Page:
At nearly a kilometer long, not counting the side streets, it is considered one of the world’s best in terms of the amount and variety of merchandise available. Anyone interested in getting close to Japanese culture, beyond the tourist attractions in other popular areas of the city, should definitely consider a full day to browse the shops that help make Japan’s culinary tradition the international status symbol it has become in the last half decade.
Kappabashi Doug Gas (), which literally means “Kappa Bridge Tool Town”, is the official name of the kitchen equipment area, but the shortened moniker “Kappabashi” is more commonly preferred by locals and tourists alike. 1) There is no bridge in Kappabashi today, but there used to be when the area first took shape around 1912; 2) Kappabashi is less a town than a street, but translation is never perfect and you’ll understand the “town” feeling when you spend a day there; 3) Kappa, the mythological Japanese creature shown in the image above, actually has nothing to do with Kappabashi and was only adopted as a mascot later when the locals could no longer ignore the phonetic connection.
Kappabashi is over 100 years old and boasts over 170 shops devoted to the cooking trade, from bowls, baskets and pans to uniform, food, tables and chairs and everything in between. My own day trip started from Reno Station (), the furthest station from the area at a fifteen-minute walk distance, but with the advantage of simplicity: The Banknote line () is the first and easiest train line to come to grips with for first-time tourists in megalopolis Tokyo.
You’ll want to exit the station from the Central Gate and then make an immediate left through the Asks Entrance. For those who prefer quick access, the Tawaramachi Station on the Gina line is the closest and will drop you off on Kappabashi Honor.
The whole area that is considered Kappabashi is basically one straight street with a covered walkway on both sides. This will help with navigation: You won’t get lost but you’ll lose shops you’d like to return to later in the day.
After turning left at Miami, walk the length of the Reno side and when the covered walkway ends, about 800 plus meters down the road, cross the street and make your way back down the Asks side. When you get back to the corner with Miami and the chef bust across the street, you will have completed your Kappabashi journey.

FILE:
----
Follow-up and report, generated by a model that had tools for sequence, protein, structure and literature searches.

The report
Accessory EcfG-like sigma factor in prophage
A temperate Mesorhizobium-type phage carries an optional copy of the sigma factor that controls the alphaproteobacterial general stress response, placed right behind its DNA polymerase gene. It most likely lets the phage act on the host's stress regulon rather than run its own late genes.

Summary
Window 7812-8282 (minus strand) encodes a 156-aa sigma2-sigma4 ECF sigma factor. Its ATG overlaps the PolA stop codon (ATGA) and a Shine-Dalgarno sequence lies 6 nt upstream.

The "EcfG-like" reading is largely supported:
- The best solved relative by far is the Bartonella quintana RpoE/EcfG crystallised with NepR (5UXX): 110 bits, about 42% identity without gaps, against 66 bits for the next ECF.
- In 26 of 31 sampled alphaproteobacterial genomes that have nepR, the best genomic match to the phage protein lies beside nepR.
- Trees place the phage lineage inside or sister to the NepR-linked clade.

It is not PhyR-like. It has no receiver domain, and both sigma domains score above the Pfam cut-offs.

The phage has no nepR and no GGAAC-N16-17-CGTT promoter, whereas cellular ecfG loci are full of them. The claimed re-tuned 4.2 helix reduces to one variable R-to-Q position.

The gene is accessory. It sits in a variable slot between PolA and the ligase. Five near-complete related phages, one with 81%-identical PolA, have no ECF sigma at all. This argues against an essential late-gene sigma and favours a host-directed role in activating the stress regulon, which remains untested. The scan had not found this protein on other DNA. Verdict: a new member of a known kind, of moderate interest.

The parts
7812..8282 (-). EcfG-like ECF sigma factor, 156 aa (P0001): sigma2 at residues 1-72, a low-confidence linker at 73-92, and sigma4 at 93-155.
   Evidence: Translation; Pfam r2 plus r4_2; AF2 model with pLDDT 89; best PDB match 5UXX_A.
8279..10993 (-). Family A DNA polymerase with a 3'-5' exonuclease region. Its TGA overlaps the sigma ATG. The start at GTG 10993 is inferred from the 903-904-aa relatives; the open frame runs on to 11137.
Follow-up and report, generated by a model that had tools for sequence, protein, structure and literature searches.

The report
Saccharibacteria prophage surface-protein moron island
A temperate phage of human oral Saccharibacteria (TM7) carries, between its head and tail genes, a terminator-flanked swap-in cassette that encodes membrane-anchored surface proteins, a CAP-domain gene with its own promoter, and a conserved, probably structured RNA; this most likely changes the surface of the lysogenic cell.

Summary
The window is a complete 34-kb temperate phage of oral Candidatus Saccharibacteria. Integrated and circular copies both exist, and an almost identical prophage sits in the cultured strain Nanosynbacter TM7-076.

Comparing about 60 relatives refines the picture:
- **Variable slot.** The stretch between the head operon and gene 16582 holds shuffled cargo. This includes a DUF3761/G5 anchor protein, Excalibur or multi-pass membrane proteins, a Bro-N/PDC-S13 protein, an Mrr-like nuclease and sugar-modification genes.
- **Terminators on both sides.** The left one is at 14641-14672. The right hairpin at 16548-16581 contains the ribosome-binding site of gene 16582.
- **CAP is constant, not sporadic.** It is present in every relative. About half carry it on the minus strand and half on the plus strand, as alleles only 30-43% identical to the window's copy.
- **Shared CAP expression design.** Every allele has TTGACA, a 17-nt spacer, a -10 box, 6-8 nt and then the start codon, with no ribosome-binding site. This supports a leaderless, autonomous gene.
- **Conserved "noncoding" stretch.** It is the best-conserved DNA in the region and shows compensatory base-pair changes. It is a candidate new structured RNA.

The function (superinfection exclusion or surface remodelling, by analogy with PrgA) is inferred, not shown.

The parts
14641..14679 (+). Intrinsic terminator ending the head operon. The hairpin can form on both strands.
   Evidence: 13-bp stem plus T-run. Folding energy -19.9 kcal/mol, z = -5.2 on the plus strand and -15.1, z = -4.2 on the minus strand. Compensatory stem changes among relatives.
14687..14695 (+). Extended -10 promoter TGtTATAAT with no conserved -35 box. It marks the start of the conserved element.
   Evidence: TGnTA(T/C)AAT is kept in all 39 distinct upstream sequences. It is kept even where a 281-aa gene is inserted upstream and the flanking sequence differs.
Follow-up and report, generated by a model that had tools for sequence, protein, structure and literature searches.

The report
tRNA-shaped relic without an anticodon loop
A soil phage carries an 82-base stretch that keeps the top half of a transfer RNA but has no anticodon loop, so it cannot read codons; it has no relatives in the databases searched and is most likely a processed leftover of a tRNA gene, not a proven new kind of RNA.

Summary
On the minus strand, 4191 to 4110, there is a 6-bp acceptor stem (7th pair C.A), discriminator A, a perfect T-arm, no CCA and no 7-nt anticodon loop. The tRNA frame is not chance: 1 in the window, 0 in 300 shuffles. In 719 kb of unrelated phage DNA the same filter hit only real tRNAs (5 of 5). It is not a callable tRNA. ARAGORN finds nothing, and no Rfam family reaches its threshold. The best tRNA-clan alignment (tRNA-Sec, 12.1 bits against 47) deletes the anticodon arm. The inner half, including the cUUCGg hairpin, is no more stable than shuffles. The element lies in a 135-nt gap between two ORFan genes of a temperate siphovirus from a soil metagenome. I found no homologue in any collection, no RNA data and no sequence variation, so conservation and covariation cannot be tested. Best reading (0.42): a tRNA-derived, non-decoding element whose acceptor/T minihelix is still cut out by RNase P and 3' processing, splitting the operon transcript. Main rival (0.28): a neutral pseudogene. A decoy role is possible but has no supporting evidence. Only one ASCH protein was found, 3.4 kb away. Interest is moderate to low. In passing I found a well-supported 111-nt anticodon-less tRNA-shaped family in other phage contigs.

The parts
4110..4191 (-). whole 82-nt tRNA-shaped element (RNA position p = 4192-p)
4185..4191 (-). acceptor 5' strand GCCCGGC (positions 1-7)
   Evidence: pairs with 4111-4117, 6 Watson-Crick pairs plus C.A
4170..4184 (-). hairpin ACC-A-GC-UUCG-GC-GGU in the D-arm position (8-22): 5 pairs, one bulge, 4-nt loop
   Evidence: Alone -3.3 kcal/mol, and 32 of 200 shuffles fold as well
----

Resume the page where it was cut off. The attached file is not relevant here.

My own journey included a couple side-street detours on the Asks side which were well worth the time, so all included, plan to walk around two to three kilometers on the street plus however many shop stairs you climb and aisles you squeeze yourself into. I love to cook but my kitchen is stocked to capacity with utensils and other equipment, so when I go to Kappabashi, the perishables attract me the most.
One proprietor even stood in front of his shop studying English from a language textbook. One of those places should be Bridge Coffee & Ice Cream, a two-floor coffee shop with a smashing fashionable interior, which makes sense once you realize that the offices in the back and the space on the second floor are those of an architectural firm.
Nobody can sit on the second floor, but the bathrooms are up there, so feel free to go on up and browse the architecture displays in the process. While enjoying an espresso, I had the opportunity to engage one of the baristas who broke into English when I didn’t understand the Japanese term kenchikuka (), which means “architect”, so communication is not a problem.
Some attribute it to the Japanese term kappa () meaning “raincoat”, others to a local merchant in the area with the name Kappa ya. Generally speaking, the kappa stands upright, has lizard skin, a beak, and a flat bald spot on its head that serves as a source of power.
Regardless of the locale, the kappa is commonly known as a trickster figure that resides in rivers and lakes, waiting to wrestle you to your death to suck your blood, eat your liver, and slurp your soul from your anus. Before doing so, however, you might want to round the corner and look for the nearest convenient store for a bathroom, a trash can, and a cheap and portable refreshment.
There are few bathrooms, no trash cans, and no convenient stores along Kappabashi for the general foot-traffic tourist, so take the opportunities when they present themselves. One shop that nobody wants to miss is Pro pack Kappabashi, a six-floor culinary Disneyland with stationary, packaging, utensils, party goods, food, and more.
You could easily spend a couple of hours browsing this Kappabashi version of Dante’s Inferno. It’s located on the Asks side of the street and has everything from finely carved pieces of art to bags of disposable chopsticks.
It’s definitely worth your time whether you’re a regular chopsticks' user, an occasional dabbler, or a dining masochist. On my own journey, I chose a quaint little mom-n-pop shop specializing in Japanese soda and upon noodles.